On Student Life in France

This is a story about the student life in France I’ve written to Campus France Hong Kong a year ago.

Here we go!

March, 2011

To begin my story with the beginning of my background, I was born, raised and educated in Hong Kong with limited overseas experience prior to my present sojourn. I believe this information would be helpful to comprehend the description and opinion I will be giving in this article.

I am currently a second year postgraduate student/trainee in Strasbourg, one of the most elegant cities in Europe. I did my first year in international relations and am doing my second year in competitive intelligence. In France, a masters degree lasts normally two years. In the second year, we only have classes for one semester and we are obliged to do an internship as a graduation requirement. I follow an entire French curriculum which means the medium of instruction, essay methodology and approach are all French. I was totally ignorant and I thought that doing my studies in another language would be the only change. But I was wrong. I had a hard time to adapt to the lectures, my daily life and most of all the French mentality. I was so naïve that I had treated the language barrier as a synonym of cultural difference. In fact, language is just one of the many colors on the whole painting of culture. The first few months I had so much to learn other than catching up with my French. The vocabularies that I had learnt from literature and textbooks during my undergraduate studies were not very relevant to the daily life. It always made people laugh when I used a word of 19th century or swear words that I newly acquired. I was lucky that my peers were in general caring, patient and kind. They often explained their cultural codes and habits in detail. It made me so much easier to integrate to this country.

In France, the higher education system is relatively lenient compared to the one in Hong Kong. Competition among students in university is far less keen and very rarely a student will be ashamed of not having a good grade. Normally every student has a second chance to take the examination in case the first time does not work out in the same year. Some schools even have an assessment adjustment for foreign students. Therefore, the study atmosphere is harmonious. The majority of the teaching staff I have encountered so far have been encouraging. My course coordinator, for example, has been very kind to me because I was the only foreign student from the Far East which he believed that I must have had more daily life troubles than other European students. He has also been very tolerant to my sarcastic and fierce criticisms against the French bureaucracy, egotism, superiority, etc. In my opinion, the spirit of French education is supportive and egalitarian. The social expectations for university graduates in France are much less harsh than in Hong Kong. The French society allows people to be proud of what they are, not necessarily their qualifications, GPA and salary. French students of my age consider their studies important for getting a job. But, I believe that they do not treat it as the only thing in their life. I say the same for their career vision too. They love music, dance and reading. Working is not the only thing they do in their life.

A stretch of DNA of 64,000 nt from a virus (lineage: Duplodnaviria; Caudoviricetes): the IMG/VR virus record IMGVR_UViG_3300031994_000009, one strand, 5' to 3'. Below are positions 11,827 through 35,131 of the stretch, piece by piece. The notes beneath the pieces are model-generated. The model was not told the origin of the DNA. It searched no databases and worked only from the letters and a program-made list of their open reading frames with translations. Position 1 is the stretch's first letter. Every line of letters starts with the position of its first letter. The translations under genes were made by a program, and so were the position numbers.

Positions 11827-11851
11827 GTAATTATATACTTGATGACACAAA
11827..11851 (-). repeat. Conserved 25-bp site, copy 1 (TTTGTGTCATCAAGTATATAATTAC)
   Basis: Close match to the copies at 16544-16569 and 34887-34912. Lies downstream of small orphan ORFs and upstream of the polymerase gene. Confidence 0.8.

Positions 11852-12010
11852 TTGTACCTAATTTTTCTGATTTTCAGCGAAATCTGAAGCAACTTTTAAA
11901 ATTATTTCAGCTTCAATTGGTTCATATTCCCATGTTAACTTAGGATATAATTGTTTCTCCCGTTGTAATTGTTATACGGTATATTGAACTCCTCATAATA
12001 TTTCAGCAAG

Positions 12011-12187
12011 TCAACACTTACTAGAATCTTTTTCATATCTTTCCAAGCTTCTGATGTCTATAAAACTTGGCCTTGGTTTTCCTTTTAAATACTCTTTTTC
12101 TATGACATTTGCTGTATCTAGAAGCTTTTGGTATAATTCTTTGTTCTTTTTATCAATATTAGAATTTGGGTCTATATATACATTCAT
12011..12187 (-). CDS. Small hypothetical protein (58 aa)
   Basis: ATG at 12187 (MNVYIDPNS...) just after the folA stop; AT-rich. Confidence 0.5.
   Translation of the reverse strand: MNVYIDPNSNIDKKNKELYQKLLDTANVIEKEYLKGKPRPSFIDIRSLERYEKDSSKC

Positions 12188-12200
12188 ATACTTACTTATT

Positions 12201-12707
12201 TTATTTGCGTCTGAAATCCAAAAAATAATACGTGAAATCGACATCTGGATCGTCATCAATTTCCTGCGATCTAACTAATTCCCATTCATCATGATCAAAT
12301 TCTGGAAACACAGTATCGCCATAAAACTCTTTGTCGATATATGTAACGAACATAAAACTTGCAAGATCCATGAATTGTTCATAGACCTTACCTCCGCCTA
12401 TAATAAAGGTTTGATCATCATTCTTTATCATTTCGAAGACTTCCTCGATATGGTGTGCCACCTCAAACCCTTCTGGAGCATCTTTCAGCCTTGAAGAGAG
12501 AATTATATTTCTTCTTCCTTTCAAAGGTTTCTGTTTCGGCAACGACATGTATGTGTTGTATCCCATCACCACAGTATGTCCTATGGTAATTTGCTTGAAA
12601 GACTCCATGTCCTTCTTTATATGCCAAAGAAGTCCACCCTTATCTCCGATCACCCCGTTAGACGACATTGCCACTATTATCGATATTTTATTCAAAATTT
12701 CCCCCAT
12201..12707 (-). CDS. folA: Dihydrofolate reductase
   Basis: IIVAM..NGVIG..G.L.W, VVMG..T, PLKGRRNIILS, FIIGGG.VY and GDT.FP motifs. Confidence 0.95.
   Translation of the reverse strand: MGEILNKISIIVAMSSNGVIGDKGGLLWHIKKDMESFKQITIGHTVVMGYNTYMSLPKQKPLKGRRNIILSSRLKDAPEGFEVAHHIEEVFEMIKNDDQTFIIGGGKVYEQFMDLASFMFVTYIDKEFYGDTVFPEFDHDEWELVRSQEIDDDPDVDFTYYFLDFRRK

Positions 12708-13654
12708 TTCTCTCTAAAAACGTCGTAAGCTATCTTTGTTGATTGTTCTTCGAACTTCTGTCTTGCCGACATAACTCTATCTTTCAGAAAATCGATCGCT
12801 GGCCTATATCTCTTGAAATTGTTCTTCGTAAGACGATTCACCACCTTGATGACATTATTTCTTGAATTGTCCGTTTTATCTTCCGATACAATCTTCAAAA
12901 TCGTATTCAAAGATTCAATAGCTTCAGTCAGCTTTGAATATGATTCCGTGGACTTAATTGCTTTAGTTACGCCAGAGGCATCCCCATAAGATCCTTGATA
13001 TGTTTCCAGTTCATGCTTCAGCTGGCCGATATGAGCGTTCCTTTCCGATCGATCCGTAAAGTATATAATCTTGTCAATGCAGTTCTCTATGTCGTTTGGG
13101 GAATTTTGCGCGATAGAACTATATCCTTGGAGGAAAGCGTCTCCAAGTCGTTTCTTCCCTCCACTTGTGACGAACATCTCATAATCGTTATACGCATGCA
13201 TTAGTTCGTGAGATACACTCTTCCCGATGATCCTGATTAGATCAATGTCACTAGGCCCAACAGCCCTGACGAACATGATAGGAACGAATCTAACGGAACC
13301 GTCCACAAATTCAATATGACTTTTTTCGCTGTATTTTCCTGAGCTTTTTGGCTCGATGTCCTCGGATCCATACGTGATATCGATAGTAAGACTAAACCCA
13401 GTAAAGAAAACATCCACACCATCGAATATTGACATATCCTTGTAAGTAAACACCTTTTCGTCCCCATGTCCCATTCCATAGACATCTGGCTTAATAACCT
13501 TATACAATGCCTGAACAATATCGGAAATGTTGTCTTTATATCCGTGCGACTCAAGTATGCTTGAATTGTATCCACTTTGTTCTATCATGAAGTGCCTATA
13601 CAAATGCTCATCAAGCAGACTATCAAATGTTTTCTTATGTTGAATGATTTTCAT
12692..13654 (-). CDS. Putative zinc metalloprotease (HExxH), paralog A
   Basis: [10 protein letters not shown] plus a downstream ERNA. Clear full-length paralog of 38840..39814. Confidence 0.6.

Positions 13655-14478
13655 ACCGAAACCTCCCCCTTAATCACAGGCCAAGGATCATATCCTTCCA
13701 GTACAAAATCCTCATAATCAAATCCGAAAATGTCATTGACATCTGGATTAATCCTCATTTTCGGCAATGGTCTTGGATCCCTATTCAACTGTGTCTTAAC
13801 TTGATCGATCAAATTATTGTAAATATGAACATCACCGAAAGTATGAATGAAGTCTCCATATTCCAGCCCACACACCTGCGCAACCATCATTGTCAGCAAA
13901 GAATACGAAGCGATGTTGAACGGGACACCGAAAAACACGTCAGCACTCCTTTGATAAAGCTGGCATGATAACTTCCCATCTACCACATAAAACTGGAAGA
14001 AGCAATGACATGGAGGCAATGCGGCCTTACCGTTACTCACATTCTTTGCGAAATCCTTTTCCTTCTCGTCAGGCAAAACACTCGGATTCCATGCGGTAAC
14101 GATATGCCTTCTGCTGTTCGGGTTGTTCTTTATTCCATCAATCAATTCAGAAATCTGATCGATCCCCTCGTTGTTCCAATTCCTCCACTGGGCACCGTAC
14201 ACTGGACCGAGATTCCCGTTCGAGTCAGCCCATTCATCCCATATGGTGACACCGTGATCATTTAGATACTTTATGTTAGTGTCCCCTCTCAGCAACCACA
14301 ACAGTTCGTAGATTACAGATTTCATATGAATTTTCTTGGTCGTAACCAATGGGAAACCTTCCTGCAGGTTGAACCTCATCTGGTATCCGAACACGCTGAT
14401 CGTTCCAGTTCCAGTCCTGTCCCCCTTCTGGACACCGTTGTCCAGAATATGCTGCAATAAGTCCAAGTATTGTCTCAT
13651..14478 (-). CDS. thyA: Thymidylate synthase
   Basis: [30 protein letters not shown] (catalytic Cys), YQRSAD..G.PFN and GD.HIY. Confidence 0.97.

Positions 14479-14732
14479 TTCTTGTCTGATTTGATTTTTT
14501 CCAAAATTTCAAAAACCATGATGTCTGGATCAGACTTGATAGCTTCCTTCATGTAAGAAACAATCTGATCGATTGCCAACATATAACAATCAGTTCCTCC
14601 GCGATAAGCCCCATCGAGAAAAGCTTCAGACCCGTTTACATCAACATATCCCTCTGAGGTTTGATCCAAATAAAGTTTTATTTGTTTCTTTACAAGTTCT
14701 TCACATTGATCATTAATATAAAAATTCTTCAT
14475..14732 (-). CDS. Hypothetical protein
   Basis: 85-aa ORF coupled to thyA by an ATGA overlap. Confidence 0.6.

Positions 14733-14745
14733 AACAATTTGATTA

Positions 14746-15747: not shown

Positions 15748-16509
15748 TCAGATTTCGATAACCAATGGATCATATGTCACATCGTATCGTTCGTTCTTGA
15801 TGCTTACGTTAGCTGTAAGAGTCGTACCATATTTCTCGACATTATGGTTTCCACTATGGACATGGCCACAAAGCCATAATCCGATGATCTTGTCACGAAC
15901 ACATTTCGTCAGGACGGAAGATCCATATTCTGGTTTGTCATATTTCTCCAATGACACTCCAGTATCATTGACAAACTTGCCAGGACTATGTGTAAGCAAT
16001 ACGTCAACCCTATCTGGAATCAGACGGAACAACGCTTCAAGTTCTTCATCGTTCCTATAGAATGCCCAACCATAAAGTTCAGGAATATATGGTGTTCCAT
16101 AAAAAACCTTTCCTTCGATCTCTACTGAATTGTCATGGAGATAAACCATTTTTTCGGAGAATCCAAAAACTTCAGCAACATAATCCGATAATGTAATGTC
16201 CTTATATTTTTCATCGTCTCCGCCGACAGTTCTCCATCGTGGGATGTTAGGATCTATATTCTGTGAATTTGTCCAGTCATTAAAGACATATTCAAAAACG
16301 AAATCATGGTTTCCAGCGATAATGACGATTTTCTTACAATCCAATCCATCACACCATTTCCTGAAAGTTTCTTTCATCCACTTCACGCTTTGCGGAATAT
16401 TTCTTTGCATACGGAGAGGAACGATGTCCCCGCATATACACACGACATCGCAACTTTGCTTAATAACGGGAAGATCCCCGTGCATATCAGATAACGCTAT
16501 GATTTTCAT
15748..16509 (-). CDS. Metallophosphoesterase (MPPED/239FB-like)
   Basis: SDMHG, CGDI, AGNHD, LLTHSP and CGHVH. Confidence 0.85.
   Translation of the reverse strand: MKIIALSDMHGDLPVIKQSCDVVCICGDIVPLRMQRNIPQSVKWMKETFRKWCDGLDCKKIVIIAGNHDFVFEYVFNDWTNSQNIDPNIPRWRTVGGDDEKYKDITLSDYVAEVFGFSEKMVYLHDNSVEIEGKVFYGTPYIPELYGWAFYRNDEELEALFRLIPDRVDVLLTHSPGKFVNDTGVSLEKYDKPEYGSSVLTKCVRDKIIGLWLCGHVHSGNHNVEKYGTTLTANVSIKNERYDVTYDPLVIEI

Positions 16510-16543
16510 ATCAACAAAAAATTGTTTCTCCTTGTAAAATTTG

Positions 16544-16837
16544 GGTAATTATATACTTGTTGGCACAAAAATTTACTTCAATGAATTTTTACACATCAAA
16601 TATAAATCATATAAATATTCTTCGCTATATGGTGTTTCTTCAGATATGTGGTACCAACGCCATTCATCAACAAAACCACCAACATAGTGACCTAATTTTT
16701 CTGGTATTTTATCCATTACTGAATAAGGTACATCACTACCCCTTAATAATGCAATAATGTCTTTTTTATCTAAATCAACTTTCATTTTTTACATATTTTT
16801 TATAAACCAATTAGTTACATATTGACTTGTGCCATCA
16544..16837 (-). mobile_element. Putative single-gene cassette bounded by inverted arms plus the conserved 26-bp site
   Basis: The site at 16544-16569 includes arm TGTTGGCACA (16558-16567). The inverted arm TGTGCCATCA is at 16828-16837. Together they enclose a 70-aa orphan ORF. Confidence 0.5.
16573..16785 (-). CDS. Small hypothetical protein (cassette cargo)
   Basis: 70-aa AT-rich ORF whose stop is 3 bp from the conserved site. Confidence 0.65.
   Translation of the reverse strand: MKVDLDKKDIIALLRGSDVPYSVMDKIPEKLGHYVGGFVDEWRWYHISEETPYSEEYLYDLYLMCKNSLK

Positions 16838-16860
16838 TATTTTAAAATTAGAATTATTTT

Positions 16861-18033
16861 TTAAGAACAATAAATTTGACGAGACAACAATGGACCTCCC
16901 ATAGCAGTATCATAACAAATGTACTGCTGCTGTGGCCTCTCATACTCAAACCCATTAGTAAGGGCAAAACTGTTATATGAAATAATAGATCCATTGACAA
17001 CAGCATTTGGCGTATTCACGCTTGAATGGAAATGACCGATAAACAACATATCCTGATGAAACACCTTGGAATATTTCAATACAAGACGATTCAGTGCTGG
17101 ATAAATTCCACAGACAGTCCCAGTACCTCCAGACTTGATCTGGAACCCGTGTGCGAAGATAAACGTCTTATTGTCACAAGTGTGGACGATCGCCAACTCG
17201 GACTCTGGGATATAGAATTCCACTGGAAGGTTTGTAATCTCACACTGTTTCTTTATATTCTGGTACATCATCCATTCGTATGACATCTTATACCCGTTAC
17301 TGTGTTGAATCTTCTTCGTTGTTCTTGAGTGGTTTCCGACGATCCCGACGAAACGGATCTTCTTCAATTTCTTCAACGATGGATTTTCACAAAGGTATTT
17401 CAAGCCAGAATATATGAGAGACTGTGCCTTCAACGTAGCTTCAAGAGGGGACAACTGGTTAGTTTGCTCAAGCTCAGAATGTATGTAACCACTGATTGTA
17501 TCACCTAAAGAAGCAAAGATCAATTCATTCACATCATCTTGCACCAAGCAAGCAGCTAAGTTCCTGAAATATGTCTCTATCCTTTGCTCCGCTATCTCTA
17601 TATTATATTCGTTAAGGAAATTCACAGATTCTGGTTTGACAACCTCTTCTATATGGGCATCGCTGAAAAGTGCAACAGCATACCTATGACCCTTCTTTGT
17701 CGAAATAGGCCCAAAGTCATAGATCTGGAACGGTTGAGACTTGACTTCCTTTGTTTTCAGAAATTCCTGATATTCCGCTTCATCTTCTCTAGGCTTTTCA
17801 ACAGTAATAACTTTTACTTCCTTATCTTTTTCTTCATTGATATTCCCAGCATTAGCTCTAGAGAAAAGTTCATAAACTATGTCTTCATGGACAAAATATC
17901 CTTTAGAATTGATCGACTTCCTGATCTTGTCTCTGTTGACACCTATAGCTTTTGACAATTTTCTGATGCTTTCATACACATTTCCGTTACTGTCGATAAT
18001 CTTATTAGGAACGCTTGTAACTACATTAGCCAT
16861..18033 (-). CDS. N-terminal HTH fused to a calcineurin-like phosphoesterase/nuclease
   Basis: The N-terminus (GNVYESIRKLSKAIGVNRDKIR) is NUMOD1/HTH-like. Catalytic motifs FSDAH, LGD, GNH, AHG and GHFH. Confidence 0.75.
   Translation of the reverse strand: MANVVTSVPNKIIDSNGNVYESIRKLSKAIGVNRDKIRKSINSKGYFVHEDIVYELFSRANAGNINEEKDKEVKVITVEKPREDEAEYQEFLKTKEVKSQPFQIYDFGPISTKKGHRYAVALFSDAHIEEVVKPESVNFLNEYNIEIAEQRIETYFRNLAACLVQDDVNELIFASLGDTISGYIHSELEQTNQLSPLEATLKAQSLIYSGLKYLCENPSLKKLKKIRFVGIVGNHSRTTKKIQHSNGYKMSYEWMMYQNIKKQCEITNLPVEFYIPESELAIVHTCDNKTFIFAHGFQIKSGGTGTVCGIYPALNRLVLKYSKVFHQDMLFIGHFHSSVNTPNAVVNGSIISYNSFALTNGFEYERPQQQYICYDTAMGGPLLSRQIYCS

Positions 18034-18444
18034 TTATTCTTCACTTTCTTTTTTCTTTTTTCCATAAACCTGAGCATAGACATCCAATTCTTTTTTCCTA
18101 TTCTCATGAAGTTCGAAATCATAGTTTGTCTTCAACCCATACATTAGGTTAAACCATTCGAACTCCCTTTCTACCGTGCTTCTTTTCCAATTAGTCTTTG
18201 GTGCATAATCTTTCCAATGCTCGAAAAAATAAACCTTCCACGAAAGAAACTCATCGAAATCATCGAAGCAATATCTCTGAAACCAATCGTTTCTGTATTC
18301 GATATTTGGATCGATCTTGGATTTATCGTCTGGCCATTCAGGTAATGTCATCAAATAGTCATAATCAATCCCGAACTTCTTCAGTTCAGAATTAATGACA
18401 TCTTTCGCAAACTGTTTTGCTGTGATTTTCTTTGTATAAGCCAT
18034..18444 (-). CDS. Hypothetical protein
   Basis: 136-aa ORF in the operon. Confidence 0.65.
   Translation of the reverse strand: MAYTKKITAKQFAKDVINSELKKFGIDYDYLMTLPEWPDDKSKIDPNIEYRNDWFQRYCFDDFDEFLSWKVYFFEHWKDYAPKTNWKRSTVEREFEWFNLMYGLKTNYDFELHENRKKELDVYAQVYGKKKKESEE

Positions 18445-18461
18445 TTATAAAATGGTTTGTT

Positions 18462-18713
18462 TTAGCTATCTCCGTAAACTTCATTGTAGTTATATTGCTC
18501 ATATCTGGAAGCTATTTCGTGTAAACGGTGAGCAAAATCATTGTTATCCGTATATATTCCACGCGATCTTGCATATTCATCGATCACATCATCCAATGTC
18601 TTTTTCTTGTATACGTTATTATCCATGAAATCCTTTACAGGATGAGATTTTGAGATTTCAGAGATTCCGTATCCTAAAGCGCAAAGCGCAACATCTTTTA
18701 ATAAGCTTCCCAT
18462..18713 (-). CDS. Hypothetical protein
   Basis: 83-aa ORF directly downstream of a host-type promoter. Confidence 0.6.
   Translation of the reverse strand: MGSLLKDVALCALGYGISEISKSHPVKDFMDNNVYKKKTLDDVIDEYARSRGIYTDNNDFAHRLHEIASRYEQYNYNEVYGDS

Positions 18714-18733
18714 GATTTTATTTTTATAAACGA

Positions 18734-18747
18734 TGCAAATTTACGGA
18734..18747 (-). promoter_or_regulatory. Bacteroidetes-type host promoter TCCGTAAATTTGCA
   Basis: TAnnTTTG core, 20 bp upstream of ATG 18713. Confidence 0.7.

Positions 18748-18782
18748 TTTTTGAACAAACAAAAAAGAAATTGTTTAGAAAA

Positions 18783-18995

So, I ended it with “Working is not the only thing they do in their life.” In these few days, I will continue this discourse with a one year late.

Bye for now, see you next blog!


6 thoughts on “On Student Life in France

  1. Salut, I enjoyed reading your post and can empathize with both the struggles of living in France as a foreign student and dealing with the French bureaucracy. There are also many delightful things in both French culture and in the way they go about their education system. I’m eager to hear more about how your Master’s experience in France has progressed.

  2. Pingback: On Student life in France 2 « Romance of the Chinese man

  3. Hi

    I just read your blog and found it interesting. Please let me tell you something about myself: My name is Michael and I run a small company offering international relocation services for people moving around Europe. What we are looking for is a blogger like you who can write an article (kind of a guide) based on your experiences while living in a foreign country for those who are planning to move to the same as you country.

    If your article (s), if helpful, unique and interesting it will be published on our website http://www.europeanrelocations.co.uk .

    The information we would like to be included in the article are:

    • information about local culture and customs
    • practical information about finding accommodation and jobs
    • and possibly some information about local officialdom and immigration policy

    You might like to write it in English or other European language. You can also support your article with links to the third party sources of information.

    Ps: If you already own a collection of interesting articles we would like you link them to our website. We will obviously pay for it.

    Hope you can help

    I look forward hearing from you.


  4. It’s funny you should have this point of view! I’m French and have had a taste of the student life in HK back in 2004 (Also in the university of HK). Lived in Lady Ho Tung Hall surrounded by local girls for 6 months, and though my flatmate was from Australia, it felt surreal in many ways! I recall libraries never closed, most chinese guys had developed an intimate relationship with their computer/video games until 3 am…
    That said, I do realize the bureaucracy is just non-sense in France…
    Good luck with your studies!!

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